Viacom v. YouTube: Preliminary Observations

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Volume 9, Issue 1 (Jun 2012)

In March 2007, media giant Viacom brought a $1 billion lawsuit against YouTube for “brazen” and “massive” copyright infringement, claiming the Google-owned online video-sharing website made around 160,000 Viacom-owned videos available to YouTube users without permission. Considering the legal and historical context from which the litigation arose, this Article briefly reviews the dynamic relationship between technology and copyright law over the years, as well as the principal legal theories that make up Viacom’s complaint and YouTube’s various defenses. The Article goes on to outline the interests of each entity with a stake in the action, including the plaintiff, the defendant, the creators of the copyrighted video content, and the public at large. The Article concludes with an exploration of possible legal outcomes in the event of actual litigation and an ensuing judgment by the court.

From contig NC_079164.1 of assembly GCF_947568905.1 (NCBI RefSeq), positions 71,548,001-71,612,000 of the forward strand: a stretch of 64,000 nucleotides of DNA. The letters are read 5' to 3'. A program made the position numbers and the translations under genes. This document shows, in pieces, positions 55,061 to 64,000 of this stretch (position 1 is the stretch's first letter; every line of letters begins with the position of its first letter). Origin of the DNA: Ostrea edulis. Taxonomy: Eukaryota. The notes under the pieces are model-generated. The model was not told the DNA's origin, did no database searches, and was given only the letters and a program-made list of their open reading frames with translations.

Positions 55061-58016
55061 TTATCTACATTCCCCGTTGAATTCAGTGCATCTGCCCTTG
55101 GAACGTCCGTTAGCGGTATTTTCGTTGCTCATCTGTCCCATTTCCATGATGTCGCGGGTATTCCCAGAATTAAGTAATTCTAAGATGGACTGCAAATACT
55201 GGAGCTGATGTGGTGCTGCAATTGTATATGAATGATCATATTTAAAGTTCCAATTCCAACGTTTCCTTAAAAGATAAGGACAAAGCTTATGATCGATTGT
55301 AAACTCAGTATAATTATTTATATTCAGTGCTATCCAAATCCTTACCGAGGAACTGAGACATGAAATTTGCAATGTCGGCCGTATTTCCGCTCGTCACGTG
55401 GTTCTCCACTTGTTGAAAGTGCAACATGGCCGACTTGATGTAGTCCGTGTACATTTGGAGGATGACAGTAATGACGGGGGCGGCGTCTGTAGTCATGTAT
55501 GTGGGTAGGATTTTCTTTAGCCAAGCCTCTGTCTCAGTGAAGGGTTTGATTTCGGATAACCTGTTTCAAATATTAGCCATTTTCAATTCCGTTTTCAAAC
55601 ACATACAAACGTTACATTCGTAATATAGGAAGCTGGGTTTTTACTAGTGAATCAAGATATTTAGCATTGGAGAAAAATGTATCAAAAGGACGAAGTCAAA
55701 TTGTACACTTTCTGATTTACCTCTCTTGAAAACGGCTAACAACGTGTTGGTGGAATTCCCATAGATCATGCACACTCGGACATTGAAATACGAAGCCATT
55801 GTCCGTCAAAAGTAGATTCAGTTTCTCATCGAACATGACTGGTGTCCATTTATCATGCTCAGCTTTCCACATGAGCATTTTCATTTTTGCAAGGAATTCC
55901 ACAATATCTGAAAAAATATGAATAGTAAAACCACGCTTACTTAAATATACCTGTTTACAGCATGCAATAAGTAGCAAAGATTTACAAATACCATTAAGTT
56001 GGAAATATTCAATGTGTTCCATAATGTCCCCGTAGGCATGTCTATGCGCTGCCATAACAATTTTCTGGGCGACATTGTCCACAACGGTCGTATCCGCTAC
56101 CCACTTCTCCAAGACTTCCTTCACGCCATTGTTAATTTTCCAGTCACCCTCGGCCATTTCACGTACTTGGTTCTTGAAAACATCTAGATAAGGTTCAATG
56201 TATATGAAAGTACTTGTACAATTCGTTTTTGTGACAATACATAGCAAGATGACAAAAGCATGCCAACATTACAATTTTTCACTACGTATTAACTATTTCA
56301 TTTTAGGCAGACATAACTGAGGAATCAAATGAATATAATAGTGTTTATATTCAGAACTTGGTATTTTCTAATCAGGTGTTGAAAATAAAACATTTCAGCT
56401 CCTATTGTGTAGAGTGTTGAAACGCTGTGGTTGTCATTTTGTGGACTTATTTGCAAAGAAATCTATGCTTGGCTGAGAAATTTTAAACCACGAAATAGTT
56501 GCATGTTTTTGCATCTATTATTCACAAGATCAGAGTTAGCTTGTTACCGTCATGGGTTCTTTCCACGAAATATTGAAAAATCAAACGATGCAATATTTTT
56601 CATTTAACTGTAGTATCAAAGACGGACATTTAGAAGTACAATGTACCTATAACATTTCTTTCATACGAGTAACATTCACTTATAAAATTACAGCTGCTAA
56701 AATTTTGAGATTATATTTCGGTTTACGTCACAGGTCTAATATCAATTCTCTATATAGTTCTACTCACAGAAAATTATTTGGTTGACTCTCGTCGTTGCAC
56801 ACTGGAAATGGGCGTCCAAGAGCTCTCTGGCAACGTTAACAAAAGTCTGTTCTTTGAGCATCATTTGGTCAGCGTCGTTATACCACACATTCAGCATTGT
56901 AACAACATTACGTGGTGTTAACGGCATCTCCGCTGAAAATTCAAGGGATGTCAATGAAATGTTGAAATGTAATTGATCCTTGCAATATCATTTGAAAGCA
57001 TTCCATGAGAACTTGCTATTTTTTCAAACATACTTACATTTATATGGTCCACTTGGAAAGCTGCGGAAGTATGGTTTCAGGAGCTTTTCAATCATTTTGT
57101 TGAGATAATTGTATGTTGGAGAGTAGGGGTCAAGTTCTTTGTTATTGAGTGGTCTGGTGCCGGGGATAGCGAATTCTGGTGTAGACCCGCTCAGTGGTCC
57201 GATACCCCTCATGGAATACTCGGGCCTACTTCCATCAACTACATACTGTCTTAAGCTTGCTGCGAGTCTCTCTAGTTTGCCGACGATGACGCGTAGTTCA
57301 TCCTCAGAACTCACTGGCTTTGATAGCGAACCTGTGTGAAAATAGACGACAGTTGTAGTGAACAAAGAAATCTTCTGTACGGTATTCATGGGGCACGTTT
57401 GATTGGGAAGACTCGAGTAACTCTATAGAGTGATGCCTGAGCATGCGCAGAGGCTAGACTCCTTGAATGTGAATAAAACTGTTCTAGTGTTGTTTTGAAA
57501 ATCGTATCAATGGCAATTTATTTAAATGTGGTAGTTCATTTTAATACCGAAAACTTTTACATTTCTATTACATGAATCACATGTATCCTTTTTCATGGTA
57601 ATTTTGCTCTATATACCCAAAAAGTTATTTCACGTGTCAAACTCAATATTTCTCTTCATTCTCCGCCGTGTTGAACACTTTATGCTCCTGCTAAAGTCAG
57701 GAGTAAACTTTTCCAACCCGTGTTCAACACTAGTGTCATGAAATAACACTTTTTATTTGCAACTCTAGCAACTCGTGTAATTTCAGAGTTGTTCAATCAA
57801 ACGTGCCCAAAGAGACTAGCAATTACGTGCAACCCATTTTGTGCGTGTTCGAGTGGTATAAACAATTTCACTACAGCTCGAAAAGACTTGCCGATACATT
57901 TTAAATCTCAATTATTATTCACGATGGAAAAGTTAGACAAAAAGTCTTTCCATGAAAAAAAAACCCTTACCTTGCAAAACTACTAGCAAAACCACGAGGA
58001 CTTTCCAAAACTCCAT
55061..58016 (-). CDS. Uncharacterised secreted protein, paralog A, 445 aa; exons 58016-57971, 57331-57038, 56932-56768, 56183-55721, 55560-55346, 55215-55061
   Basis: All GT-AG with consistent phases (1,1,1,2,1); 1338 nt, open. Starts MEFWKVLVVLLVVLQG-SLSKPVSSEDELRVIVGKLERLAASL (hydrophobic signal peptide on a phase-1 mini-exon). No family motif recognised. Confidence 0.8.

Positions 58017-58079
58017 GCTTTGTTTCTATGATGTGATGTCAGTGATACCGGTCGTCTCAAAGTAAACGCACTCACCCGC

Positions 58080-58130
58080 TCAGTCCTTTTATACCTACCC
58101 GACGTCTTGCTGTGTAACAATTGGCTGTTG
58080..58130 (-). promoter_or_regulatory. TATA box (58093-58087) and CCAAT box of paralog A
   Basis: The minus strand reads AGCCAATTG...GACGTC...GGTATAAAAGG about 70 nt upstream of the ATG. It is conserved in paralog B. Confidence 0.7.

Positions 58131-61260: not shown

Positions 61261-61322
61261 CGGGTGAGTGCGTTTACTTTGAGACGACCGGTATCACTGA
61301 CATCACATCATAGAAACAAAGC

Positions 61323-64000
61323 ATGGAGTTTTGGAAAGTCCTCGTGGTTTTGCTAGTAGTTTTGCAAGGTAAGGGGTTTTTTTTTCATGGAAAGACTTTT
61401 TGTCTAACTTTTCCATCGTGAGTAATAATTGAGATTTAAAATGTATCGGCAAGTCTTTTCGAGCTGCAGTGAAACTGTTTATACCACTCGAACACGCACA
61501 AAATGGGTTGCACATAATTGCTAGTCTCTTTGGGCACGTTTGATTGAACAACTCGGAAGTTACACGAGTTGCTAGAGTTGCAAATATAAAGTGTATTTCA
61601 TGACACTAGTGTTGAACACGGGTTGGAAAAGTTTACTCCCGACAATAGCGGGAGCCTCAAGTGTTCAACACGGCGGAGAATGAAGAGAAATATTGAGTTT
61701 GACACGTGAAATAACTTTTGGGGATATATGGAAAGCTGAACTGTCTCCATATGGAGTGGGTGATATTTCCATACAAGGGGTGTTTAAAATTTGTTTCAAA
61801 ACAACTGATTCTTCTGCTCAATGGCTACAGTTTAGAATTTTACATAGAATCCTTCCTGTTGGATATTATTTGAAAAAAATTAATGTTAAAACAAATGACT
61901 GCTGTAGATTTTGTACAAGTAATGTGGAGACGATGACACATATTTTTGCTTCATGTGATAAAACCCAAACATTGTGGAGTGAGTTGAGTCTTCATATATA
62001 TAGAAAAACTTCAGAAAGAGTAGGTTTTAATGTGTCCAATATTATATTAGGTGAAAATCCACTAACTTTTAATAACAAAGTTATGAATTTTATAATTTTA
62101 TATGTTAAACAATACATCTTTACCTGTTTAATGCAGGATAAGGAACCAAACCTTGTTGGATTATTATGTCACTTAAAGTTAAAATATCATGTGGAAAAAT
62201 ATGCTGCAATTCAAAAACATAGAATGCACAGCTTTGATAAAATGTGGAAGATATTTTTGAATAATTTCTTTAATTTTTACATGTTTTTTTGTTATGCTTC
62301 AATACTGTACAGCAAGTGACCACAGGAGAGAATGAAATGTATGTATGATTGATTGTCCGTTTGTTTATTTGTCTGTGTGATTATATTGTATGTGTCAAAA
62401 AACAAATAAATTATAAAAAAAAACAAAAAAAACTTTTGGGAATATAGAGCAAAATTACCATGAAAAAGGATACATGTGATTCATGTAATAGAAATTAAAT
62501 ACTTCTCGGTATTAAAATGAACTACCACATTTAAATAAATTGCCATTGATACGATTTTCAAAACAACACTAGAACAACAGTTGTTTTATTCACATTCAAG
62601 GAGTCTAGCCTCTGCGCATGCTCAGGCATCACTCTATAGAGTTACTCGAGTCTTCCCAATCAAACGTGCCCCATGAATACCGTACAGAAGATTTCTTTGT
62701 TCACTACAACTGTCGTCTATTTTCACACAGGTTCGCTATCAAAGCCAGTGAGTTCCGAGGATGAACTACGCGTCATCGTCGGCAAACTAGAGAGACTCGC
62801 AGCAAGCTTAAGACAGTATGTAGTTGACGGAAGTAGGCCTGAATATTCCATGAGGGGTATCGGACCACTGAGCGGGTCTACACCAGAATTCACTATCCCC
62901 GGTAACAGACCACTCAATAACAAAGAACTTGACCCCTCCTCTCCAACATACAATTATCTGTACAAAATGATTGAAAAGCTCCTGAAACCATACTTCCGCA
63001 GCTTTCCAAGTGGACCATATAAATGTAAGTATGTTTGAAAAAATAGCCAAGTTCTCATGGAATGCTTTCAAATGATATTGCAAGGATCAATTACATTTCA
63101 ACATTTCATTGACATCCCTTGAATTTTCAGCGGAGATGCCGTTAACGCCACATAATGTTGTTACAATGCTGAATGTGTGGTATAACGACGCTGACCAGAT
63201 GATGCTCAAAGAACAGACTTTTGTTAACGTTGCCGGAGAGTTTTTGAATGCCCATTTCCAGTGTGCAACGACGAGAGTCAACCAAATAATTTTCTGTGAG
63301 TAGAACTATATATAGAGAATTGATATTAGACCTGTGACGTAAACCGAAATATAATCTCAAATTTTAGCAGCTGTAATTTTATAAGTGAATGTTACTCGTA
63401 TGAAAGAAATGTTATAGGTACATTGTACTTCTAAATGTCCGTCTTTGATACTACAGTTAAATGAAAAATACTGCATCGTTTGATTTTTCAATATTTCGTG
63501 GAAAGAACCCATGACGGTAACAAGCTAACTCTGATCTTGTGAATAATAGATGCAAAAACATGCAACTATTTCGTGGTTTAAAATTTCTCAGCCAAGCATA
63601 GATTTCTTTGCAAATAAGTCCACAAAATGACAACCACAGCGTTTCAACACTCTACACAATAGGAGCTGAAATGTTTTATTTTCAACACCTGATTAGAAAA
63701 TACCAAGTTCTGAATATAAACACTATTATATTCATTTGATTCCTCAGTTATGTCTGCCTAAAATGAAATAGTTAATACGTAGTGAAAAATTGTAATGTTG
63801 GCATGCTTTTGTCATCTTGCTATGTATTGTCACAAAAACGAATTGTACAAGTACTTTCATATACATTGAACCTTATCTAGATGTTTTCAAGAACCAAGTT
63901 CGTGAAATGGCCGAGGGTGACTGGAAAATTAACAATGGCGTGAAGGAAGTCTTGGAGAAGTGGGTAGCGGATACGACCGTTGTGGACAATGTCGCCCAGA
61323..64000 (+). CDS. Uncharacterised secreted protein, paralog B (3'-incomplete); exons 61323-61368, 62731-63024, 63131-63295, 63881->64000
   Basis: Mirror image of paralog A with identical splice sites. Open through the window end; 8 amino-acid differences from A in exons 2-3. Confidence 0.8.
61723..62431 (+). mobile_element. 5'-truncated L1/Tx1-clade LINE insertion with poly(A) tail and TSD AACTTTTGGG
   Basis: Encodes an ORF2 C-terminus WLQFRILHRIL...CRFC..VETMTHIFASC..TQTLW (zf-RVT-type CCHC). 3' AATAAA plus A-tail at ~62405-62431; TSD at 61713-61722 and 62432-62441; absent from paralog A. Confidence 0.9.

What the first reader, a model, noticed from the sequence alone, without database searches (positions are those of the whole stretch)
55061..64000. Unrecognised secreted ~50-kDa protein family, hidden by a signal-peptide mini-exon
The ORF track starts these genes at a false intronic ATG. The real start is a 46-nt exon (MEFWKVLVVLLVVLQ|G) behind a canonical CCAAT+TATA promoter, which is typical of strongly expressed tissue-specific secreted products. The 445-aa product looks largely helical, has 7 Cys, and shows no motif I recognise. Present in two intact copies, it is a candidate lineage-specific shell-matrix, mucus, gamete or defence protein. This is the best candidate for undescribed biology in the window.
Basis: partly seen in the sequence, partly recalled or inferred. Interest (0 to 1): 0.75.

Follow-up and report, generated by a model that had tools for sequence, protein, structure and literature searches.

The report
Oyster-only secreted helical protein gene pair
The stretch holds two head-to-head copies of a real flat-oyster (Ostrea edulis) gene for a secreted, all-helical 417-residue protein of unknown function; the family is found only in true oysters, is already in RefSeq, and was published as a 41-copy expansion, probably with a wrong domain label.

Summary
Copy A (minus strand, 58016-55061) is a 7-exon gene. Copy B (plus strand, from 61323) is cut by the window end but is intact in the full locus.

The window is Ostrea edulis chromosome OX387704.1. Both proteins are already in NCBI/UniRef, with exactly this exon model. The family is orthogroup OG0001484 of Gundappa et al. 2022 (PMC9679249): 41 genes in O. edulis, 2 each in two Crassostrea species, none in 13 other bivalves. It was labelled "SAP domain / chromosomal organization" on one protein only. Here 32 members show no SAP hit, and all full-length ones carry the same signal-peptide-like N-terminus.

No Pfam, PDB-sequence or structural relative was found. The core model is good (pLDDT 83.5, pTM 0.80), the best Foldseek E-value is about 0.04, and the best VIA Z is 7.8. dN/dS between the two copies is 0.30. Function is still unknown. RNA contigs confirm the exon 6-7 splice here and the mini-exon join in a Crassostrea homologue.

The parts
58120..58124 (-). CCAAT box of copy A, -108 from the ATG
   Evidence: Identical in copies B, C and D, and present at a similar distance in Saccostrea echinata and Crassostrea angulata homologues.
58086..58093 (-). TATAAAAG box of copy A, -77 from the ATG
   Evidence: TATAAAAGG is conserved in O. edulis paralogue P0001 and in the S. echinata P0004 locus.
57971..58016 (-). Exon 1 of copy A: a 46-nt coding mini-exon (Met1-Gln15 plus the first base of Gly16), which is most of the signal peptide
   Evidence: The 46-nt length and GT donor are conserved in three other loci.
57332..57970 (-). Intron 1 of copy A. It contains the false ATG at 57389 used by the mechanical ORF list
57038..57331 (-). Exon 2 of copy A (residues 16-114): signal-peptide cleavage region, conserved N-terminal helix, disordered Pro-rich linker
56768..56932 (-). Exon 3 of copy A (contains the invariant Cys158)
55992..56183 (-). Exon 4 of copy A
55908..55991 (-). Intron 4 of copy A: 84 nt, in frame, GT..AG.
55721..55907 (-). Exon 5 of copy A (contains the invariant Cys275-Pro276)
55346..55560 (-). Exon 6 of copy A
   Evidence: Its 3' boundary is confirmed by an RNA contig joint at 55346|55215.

Russ VerSteeg, Viacom v. YouTube: Preliminary Observations, 9 N.C. J.L. & Tech. 43 (2007), available at http://ncjolt.org/wp-content/uploads/2016/09/05_9NCJLTech432007-2008.pdf.

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